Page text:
Welcome to Dirty Shorts, which has nothing to do with that festering pile of laundry in the bathroom. This is a series of reviews of short horror films, with a touch of analysis and some snark, for good measure. And lots of tissues for all those nicks on your chin.
The Big Shave
Directed by Martin Scorsese
THE STORY: A man shaves. That’s it. Oh, and then he cuts himself. Like…a lot.
To say Vietnam was a major influence to particular set of working directors, writers, and producers would be a profoundly undersold statement. George Lucas, Francis Ford Coppola to name a few, but it was Scorsese that, in many ways, sidestepped the war.
When you look at his contemporaries, there is a line of demarcation that separates him from the others and it is his refusal to glorify war.* Star Wars: A New Hope is a propaganda film for a revolution that didn’t actually happen. Apocalypse Now turned the very really horror of a million ways to die in a jungle half a planet away into an acid trip Vietnam backdropped Through The Looking Glass. While Taxi Driver was no doubt an examination of the after effects of war, Scorsese was seemingly more concerned with escapist fare like Boxcar Bertha, Mean Streets and Alice Doesn’t Live Here Anymore.
Martin did have something to say, though.
The Big Shave aka Viet ’67 is a short film that wears its on-the-nose opinions about the conflict in Vietnam with pride. A man shaves, finishes, and starts over again. In the process, he hurts himself by doing the same thing over and over. There is a crispness and energy to the 1967 model Scorsese. He was four years into his film making career and still had yet to full refine his style, but you can see the already sprouting seeds that would become his aesthetic.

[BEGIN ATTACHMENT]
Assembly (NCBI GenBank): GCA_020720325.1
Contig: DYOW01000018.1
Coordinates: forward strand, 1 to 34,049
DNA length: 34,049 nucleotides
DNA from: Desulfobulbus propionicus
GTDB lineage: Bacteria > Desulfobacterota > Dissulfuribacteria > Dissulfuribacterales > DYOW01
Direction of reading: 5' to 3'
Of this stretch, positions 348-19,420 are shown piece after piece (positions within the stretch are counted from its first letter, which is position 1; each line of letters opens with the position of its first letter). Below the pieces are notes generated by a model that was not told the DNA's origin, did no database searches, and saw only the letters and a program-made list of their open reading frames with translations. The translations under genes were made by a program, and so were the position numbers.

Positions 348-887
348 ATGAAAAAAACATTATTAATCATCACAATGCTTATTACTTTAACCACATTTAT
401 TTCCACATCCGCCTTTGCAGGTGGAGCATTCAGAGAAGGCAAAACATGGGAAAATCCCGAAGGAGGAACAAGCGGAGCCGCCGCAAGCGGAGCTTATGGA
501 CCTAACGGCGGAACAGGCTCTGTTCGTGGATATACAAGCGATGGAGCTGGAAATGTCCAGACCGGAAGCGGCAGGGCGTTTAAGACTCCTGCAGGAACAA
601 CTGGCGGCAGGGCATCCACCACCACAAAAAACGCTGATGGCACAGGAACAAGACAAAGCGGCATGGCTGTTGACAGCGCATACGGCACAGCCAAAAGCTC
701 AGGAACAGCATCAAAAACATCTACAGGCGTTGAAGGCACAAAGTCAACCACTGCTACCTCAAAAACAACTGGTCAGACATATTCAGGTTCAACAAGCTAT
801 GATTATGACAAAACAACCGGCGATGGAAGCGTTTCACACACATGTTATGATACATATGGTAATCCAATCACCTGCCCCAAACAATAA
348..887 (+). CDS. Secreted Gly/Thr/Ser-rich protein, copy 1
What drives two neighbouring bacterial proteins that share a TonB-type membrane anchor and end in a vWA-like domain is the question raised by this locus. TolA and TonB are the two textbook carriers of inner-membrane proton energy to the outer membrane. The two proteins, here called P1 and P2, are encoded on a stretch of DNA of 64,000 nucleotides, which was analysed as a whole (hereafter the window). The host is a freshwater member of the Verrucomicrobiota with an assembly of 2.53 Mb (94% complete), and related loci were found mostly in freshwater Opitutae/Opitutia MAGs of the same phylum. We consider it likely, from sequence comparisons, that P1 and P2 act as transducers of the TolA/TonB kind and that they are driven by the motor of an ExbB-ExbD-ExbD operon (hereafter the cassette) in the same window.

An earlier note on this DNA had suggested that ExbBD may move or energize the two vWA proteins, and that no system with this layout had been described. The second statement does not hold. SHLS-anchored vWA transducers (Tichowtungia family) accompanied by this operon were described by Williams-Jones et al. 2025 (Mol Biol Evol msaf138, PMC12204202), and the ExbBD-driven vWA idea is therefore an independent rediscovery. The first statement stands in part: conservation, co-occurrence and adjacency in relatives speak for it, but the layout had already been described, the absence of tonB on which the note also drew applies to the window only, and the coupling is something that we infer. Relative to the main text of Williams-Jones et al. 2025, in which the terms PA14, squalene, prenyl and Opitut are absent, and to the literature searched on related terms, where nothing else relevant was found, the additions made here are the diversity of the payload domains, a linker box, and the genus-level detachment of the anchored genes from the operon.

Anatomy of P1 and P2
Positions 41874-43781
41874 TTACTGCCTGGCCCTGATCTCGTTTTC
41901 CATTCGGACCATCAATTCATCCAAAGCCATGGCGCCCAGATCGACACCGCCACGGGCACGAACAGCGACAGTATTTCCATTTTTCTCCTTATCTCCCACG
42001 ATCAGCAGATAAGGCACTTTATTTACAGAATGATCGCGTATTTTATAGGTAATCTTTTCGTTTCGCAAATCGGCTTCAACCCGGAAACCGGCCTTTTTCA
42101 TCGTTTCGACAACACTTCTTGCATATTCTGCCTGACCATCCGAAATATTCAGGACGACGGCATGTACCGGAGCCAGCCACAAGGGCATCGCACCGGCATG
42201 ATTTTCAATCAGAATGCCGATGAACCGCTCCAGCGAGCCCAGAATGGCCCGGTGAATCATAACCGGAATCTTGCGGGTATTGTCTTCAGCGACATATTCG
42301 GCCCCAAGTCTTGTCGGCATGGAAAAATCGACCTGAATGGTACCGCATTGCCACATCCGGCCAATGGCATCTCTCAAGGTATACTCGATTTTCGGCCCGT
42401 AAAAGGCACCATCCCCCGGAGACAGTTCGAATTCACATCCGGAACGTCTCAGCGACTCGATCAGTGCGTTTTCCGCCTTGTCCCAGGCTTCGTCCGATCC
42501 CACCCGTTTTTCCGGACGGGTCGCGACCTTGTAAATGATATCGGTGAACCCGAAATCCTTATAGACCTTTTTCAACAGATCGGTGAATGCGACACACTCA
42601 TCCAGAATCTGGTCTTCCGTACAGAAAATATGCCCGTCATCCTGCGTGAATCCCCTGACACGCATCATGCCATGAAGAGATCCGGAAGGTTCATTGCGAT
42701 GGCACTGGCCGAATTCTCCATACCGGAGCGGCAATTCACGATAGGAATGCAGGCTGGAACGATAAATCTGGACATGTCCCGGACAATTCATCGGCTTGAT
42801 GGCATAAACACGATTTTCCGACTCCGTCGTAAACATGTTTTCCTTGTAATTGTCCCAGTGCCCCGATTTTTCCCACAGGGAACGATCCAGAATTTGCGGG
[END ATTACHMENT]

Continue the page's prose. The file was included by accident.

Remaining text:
So, hey, Mr. Critic. How is this a horror short? You write for a horror site and you’re telling me about 50-something year old political situations. So how is this horror?
Blood, baby. Blood.
This gets gory. Like, there may actually be more blood in this than in the Texas Chainsaw Massacre ’74. It’s not just the blood, but the delivery of said blood via, special effects, camera work, and editing. The power of The Big Shave is in cognitive dissonance. As you watch the film, you know what’s about to happen. The bathroom is almost a blank canvass: white sink, white, walls, white floors. Even a white guy in a white shirt. Then the razor comes out. It’s only a matter of time, right.
The horror comes in a subtle moment. As the man shaves and reshapes, blood appears in larger and larger swatches on his face and neck. It’s not clear if he’s oblivious, numb, or aware of his razor based transgressions, but he doesn’t stop. He doesn’t stop doing the same thing over and over, even at the cost of his own life. That sort of dedication to self destruction is nothing to be celebrated, romanticized, or ignored. It is to be feared. That’s horror. That’s tension. Now I kinda wish Scorsese had made more sleazy grindhouse movies. It’s never too late, I guess.
WHAT MOVIE SHOULD I WATCH AFTER THIS? Taxi Driver, Platoon, Hearts of Darkness: A Filmmaker’s Apocalypse, American Dad S2E09:The Best Christmas Story Never**
*By using the term “war”, I am referring specifically to conflicts between nation states as opposed to violence carried out by criminal elements and or “street-level” actors for the express purpose of profit.
** Stan time travels, meets 1970s Martin Scorsese, tells him he’s a big fan to which Scorsese replies, “You saw my six minute film about a guy shaving?”
Images courtesy of YouTube
Writer. Wrestling mark. Dog parent. Halloween enthusiast. Always wondering about the me on Earth 616 and what he/she/it’s up to. Currently residing in Los Angeles.